The procedures used to make PET imaging agents are currently under review by the FDA, and the Institute for Medical Research of the North Shore-Long Island Jewish (LIJ) Health system is only the third body in the country to be cleared under new draft guidelines on Good Manufacturing Practice (GMP) for these drugs.
North Shore-LIJ's cyclotron/radiochemistry facility is also the only one approved to make fludeoxyglucose F 18 at the highest strength currently available. It is twice the strength of the second institution's drug, and five times the strength of the first, which is no longer on the market.
Because radiopharmaceuticals like fludeoxyglucose F 18 decay rapidly, they must be used right away. However, the necessity to produce them in a hospital setting and then use them immediately poses a potential manufacturing quality and safety issue. If fludeoxyglucose F 18 is contaminated by microorganisms, other chemicals, by-products or impurities, it may affect the quality of the PET scan result and also pose a danger to patients. Therefore, manufacturing radiopharmaceuticals in a controlled environment that operates under rigorous quality assurance standards is key to safe production.
Thomas Chaly, chief of the Institute's cyclotron/radiochemistry facility and the author of its New Drug Application to the FDA, said that official regulation is expected within the next few years. FDA approval to manufacture a radiopharmaceutical depends not only on the success of the actual application but a site visit and inspection by the FDA of the facilities, equipment and procedures used in the manufacture of the drug.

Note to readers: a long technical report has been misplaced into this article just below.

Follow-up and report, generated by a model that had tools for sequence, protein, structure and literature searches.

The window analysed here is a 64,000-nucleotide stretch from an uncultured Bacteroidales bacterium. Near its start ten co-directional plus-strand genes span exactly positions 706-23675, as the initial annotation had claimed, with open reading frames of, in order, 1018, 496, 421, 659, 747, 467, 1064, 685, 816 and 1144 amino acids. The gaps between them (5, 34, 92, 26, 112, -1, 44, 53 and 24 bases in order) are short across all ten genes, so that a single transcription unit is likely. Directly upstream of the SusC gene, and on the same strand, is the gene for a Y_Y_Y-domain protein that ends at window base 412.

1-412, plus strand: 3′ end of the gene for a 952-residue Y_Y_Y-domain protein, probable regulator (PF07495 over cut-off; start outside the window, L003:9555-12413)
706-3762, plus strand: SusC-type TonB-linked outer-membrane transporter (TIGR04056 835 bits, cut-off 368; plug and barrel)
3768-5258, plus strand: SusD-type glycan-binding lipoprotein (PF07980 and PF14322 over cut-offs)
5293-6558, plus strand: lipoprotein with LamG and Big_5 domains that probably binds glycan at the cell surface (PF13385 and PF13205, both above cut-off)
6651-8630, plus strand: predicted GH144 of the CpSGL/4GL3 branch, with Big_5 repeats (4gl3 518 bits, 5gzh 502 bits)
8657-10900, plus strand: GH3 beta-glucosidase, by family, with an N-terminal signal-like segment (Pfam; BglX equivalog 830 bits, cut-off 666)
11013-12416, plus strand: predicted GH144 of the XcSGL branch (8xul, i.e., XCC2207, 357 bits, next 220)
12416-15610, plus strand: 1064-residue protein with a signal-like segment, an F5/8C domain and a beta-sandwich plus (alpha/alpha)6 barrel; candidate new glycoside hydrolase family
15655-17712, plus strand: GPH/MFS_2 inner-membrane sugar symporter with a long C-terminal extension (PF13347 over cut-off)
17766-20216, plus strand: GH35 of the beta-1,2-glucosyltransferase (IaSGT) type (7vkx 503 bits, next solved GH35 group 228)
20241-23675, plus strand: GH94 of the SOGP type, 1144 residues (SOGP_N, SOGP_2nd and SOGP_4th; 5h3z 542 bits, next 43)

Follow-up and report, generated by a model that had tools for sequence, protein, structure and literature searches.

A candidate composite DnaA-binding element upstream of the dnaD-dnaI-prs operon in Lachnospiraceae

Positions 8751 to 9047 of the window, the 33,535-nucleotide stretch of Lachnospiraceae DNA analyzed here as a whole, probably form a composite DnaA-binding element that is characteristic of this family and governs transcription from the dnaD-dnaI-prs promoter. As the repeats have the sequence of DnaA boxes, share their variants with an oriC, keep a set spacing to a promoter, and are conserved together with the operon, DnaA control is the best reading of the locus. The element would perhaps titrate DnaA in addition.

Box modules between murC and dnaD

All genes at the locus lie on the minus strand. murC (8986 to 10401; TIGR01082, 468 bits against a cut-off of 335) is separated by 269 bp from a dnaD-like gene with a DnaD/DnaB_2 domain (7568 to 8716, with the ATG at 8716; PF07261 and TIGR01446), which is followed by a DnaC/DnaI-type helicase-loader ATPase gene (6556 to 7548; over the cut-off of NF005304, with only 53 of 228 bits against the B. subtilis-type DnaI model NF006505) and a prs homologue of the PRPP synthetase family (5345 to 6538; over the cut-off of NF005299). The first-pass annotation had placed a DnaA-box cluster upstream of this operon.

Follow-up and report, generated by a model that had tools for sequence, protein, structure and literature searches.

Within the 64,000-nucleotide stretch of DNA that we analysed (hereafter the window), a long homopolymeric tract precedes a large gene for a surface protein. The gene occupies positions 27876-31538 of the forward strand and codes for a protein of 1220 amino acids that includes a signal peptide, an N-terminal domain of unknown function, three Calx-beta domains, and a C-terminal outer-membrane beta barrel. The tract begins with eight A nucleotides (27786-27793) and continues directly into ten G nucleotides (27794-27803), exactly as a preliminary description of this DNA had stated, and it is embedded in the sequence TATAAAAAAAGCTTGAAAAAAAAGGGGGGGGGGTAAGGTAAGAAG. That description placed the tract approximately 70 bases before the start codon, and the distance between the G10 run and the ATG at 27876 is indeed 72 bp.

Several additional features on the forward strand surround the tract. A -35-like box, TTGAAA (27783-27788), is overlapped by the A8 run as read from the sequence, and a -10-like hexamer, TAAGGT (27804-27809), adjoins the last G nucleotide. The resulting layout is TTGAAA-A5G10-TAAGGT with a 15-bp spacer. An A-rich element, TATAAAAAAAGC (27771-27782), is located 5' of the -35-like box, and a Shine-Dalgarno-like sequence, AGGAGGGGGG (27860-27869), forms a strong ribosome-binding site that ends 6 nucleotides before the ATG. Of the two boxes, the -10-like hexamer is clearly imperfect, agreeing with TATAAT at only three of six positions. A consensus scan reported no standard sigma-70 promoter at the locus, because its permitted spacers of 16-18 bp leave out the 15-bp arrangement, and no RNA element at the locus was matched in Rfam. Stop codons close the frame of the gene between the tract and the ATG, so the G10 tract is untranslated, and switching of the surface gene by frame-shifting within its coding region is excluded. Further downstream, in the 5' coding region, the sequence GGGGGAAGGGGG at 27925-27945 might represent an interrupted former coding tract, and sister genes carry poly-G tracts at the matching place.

Fludeoxyglucose F 18 is the most widely used radiopharmaceutical in PET scanning. A radiopharmaceutical is a specially designed drug that consists of a molecular compound that is similar to one normally used by cells -- in this case, glucose -- but which is tagged with radioactive atoms. When the cell absorbs the radiopharmaceutical, gamma rays are released as the unstable radioactive atoms rearrange themselves into a stable configuration. Travelling at the speed of light, the gamma rays allow the PET camera to generate a picture of those cells and organs at work. The amount of radiation to which a person is exposed is minimal and compares to that of a basic X-ray or CT scan.
Radioactive fluorine atoms are produced by a cyclotron, like the state-of-the-art GE PETrace Cyclotron purchased by North Shore-LIJ last year and installed at its research institute at a total cost of $2.6 million.
Once the radioactive atoms are produced, a sophisticated radiochemistry instrument such as a fludeoxyglucose synthesizer incorporates the radioactive atoms into a chemical compound such as deoxyglucose and produces the drug. fludeoxyglucose F 18 is manufactured in a saline solution, stored in glass vials and injected intravenously just prior to the actual PET scanning procedure.
The speed of radioactive decay of fludeoxyglucose F 18, or its half-life, is just under two hours. This means that every two hours, half of its radiation-emitting ability is lost. Therefore, the drug must be used the same day it is manufactured, often within just hours of production -- creating a challenge for transporting the drug over any distance. The drug strength produced depends on the capacity of the cyclotron. The greater the strength that can be made, the more drug is available for PET imaging studies and the farther the distance it can travel and still be active.
North Shore-LIJ currently sells and distributes fludeoxyglucose F 18 to numerous hospitals and PET facilities in the New York metropolitan area at about 40 per cent of its capacity. The high strength permits distribution as far away as Washington DC.
Fludeoxyglucose F 18 is currently approved for use in the US in the diagnosis of cancer, epileptic seizures and heart viability to determine, after a heart attack, if the heart muscle would benefit from surgery.